Volume XLIV: Acids Handling


The scope of this presentation is to present basic information and understanding of the ASME code for the design of pressure vessels for the chemical and process industry as applicable in the United States and most of North and South America. For more information about our productsheavy plate & custom fabrication services or fabrication capabilities contact us today! 


Inorganic acids play a major role in the chemical process industries (CPI). They are used as raw materials, catalysts or finishing and pH control agents in the manufacture of a wide range of chemical products, from fertilizers to detergents, and even foods. Given their widespread use, a major issue in the CPI is the proper and safe handling of the acids, the adequate materials selection for the pieces of equipment, piping and fittings used in the process, and the correct storage and even disposal of these materials.

These are important factors that need to be taken into account from the design phase throughout the operating life of a facility, in order to ensure there will not be integrity problems that may negatively impact project economical turnover, personnel safety or the environment.

This article covers the most important inorganic acids: sulfuric acid (H2SO4), nitric acid (HNO3), phosphoric acid (H3PO4), hydrogen chloride (HCl) and hydrochloric acid, and hydrogen fluoride (HF) and hydrofluoric acid; providing general guidelines on their physical properties, safety data, appropriate materials, storage, pumping and other common issues encountered when handling such fluids in the CPI.

Physical properties

Some acids are naturally present as liquids (H2SO4), some are solids at ambient conditions (anhydrous H3PO4), and others are gases (HCl, HF). Acids are very soluble in water and thus also widely available as aqueous solutions at different concentrations. Some of these solutions are also enhanced by dissolving additional compounds (for example, fuming sulfuric acid is made by dissolving SO3 in sulfuric acid).

Given that there are several available grades, the knowledge of physical properties for each one is important in order to avoid freezing, the formation of hazardous fumes, or other problems when storing and handling these materials. The physical properties of the acids covered in this article are briefly presented here. These properties for common available grades are presented in Table 1. Figure 1 plots their vapor pressures at different temperatures.

Sulfuric acid. Sulfuric acid is the single most important inorganic chemical in tonnage produced and in use. H2SO4, can be described as a colorless, oily, hygroscopic liquid with no odor; it is the largest inorganic chemical manufactured and one of the most widely used inorganic chemical in the manufacture of many other products. By the year 2004, North America and Asia were the biggest producers of sulfuric acid, recording almost 60% of world total production. Sulfuric acid is manufactured by the combustion of sulfur with dry air to form sulfur dioxide (SO2), then sulfur trioxide (SO3) is produced through a catalytic conversion. Finally, sulfuric acid is obtained after absorption of SO3 in water.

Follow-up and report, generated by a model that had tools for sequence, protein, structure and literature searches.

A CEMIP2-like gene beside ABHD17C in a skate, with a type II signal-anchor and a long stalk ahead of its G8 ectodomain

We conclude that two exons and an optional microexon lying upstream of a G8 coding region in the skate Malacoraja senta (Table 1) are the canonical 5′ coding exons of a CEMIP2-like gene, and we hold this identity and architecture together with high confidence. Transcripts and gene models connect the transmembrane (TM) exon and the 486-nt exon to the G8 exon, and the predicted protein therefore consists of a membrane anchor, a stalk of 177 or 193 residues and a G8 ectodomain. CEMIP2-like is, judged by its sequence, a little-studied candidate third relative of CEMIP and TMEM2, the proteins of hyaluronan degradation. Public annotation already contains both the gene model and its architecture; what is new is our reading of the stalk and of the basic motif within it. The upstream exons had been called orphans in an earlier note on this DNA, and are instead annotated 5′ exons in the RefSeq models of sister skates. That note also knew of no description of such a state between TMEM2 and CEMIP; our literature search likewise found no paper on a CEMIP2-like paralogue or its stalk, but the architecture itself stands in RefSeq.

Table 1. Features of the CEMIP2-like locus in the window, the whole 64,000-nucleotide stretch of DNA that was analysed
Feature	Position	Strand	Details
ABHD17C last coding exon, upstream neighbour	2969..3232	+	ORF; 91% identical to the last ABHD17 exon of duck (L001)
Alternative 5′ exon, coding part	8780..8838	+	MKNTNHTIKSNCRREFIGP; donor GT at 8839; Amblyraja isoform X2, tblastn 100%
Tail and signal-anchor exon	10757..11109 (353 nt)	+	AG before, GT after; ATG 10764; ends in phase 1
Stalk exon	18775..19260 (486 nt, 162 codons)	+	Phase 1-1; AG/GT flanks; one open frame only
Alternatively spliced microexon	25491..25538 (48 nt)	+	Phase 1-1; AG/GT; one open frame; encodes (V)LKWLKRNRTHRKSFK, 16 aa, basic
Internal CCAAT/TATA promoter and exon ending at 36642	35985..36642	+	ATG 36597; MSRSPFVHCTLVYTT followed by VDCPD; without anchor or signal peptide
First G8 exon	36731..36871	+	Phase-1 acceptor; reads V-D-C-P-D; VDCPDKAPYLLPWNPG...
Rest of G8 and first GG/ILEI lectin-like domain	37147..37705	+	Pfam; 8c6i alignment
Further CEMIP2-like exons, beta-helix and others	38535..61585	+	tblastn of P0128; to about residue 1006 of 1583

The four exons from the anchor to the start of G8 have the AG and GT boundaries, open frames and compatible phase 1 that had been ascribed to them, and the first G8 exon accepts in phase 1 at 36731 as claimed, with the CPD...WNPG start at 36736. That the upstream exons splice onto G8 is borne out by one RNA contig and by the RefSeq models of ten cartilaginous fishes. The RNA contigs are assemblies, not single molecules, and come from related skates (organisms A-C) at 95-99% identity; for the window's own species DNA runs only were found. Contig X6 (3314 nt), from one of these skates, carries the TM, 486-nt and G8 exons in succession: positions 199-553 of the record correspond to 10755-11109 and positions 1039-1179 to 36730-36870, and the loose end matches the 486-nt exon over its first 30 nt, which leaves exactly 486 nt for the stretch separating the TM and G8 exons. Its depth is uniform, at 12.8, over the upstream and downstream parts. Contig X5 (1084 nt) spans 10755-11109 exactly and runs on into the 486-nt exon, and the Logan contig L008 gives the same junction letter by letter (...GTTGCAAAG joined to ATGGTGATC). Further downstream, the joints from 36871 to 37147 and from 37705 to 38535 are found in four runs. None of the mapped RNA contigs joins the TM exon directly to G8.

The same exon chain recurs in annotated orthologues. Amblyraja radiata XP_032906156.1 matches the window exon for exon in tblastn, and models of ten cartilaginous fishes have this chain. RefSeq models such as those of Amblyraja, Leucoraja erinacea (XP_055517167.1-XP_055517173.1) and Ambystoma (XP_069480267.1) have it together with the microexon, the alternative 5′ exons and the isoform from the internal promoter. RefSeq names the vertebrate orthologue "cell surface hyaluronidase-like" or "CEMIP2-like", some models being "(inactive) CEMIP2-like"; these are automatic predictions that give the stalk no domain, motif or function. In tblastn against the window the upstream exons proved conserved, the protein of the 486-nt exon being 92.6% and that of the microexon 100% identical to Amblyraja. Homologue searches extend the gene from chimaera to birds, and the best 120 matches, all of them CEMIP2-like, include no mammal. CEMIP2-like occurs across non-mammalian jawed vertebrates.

Sulfuric acid is a strong acid and a strong oxidizing agent; therefore it reacts violently with bases, combustible, reducing materials, water and organic compounds with the evolution of heat. It is highly corrosive to most common metals and forms a flammable/explosive gas.

Sulfuric acid is mostly used in the manufacturing of fertilizers, organic pigments, explosives and more. As a strong electrolyte it is used in electroplating baths for pickling, and for operations in the production of iron and steel. Moreover, it is extensively used as a solvent for ores and as a catalyst in the petroleum industry.

Nitric acid. HNO3 is a solution of nitrogen dioxide (NO2) in water; it is a colorless to light-brown fuming liquid with an acrid suffocating odor. Nitric acid is the second most important industrial acid; it is a highly oxidizing agent, used in the manufacture of chemicals, explosives, fertilizers, steel pickling and metal cleaning. However, the largest use for nitric acid is for the production of fertilizers.

Nitric acid is a strong acid that reacts violently in the presence of strong bases, reducing agents and combustible fluids, such as turpentine, charcoal and alcohol. It is corrosive to metals, forming flammable or explosive gas. Nitric acid also reacts violently with organic compounds.

Phosphoric acid. H3PO4 or orthophosphoric acid is a white solid with a melting point of 42°C, which is highly soluble in water, non-toxic and a relatively weak acid.

H3PO4 is the third most important acid in industry. It is used mostly in the production of phosphate fertilizers; but also in the manufacturing of agricultural feeds, soaps, detergents, waxes; and in the food industry as preservative, acidifier, clarifier or flavor enhancer; among other uses.